One of Korea’s biggest financial institutions, Shinhan Bank, recently announced that they will be providing bitcoin remittance services for the Korea-China corridor starting in December. The development marks the first time that any major bank has announced a Bitcoin value transfer system.
Seoul based Shinhan has over 8,531 employees at 723 branches, and assets of over 285 trillion Korean won, or US$251 billion, spread across 140 overseas networks in 19 countries around the world. The bank has won numerous awards in the Asian banking sector, including last year’s Best retail bank.
The new remittance service is powered by Streami, a self proclaimed, “Blockchain remittance middleware and infra provider for financial service providers.” Streami moves value between countries by sending bitcoin between approved partners, which saves customers time and money as bitcoin can be sent within a few minutes with fees that are orders of magnitude smaller than those charged by incumbent remittance networks.
Streami CEO, Junhaeng Lee, launched the company last year to specifically target the Korean-Chinese remittance corridor, but the Harvard-educated, former McKinsey consultant told BNC that the company is already working on other corridors with licensed partners.
The startup won an incubator program early in 2015, run by Shinhan’s Future Lab, which lead to the bank investing 500 million Korean won (US$437,637) in the startup through a direct stock purchase. Lee and his team secured a further US$2 million in seed funding last December. Investors include Shinhan Bank, Shinhan Data Systems, ICB, Bluepoint Partners, the Digital Currency Group and Fenbushi Capital.
“At the moment we are only handling the volume ‘out of’ Shinhan Bank. We plan to expand into the ‘inbound’ ASAP but it will take some time given the bank pace in system integration & compliance approvals.”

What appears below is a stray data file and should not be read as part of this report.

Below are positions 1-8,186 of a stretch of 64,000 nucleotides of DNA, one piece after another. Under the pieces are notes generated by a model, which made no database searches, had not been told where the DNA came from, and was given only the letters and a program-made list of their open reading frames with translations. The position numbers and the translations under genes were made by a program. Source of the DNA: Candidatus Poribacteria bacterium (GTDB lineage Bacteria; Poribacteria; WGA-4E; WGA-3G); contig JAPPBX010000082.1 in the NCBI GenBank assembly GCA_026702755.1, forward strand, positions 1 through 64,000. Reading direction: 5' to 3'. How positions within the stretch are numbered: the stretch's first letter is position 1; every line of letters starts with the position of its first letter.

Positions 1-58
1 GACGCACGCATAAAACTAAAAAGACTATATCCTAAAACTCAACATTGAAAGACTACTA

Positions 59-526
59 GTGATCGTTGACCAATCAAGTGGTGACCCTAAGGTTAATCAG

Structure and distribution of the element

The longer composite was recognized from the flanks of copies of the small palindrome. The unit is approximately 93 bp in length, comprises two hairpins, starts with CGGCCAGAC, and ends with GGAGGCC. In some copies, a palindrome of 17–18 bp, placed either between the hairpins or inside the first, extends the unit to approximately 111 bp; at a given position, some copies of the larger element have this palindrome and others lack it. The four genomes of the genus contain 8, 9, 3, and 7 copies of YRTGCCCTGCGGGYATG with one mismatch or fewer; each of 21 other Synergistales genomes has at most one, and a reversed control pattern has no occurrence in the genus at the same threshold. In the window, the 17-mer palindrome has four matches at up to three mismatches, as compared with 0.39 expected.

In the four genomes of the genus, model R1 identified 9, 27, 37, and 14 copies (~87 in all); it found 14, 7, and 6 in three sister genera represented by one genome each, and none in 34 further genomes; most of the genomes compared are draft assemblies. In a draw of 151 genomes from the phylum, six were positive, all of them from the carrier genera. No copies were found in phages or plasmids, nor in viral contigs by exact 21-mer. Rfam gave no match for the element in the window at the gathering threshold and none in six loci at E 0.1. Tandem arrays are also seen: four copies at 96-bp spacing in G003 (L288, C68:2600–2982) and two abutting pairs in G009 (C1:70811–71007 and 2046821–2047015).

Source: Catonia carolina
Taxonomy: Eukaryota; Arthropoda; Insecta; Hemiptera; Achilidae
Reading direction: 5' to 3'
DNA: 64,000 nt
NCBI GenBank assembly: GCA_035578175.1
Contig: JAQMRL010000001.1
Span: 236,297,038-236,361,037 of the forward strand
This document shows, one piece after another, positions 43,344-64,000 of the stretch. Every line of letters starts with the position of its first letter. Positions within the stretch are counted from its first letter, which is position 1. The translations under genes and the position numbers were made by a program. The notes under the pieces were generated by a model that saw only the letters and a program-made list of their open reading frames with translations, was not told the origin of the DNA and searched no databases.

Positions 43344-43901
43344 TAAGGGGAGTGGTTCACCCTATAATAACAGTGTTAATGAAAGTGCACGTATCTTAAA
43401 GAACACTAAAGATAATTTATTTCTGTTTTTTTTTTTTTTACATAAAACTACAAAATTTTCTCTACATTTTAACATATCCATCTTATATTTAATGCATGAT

- Junhaeng Lee, Streami CEO
It would be hard to find a country with better access to bitcoins than South Korea. On top of several popular bitcoin exchanges, residents enjoy a network of over 17,000 ATM machines and 24,000 convenience stores where they can buy bitcoins in person.
The Korean government seems to have noticed all of the bitcoin activity as well, having recently announced that they will be issuing their own blockchain-based digital currency in the next few years.
However, the currency regulations in Korea have to change before any digital currency is a legal means of payment, and the Financial Services Commission recently announced a plan to institutionalize digital currencies by 2017.
Until digital currency transactions become fully legal, Streami will be transferring money to one of the Bitcoin exchanges in Hong Kong, which will forward bitcoins to a participating Chinese Bitcoin exchange that converts it to local currency for the recipient.
“We are not dependent on one or two exchanges. We are using many regulated exchange for on-ramping.”
With such great access to purchasing bitcoins, and so many Filipino workers there remitting their earnings back to the Philippines, Korea has become a major hub for bitcoin remittances. Payphil, and Hyphen, and Coinplug, are all Korean bitcoin remittance competitors that are doing steady business sending money over the Philippines to Korea corridor. Each has its’ own set of countries that they offer services for, and all will be competitors of Shinhan’s remittance service when it arrives in December.
Meanwhile, Bloom Solutions, Rebit, and Sentbe are Filipino startups doing the same from their end, sending and receiving money from Korea. In September it was claimed that over 20 percent of the entire Korean to Philippines corridor is already using some form of bitcoin remittance service.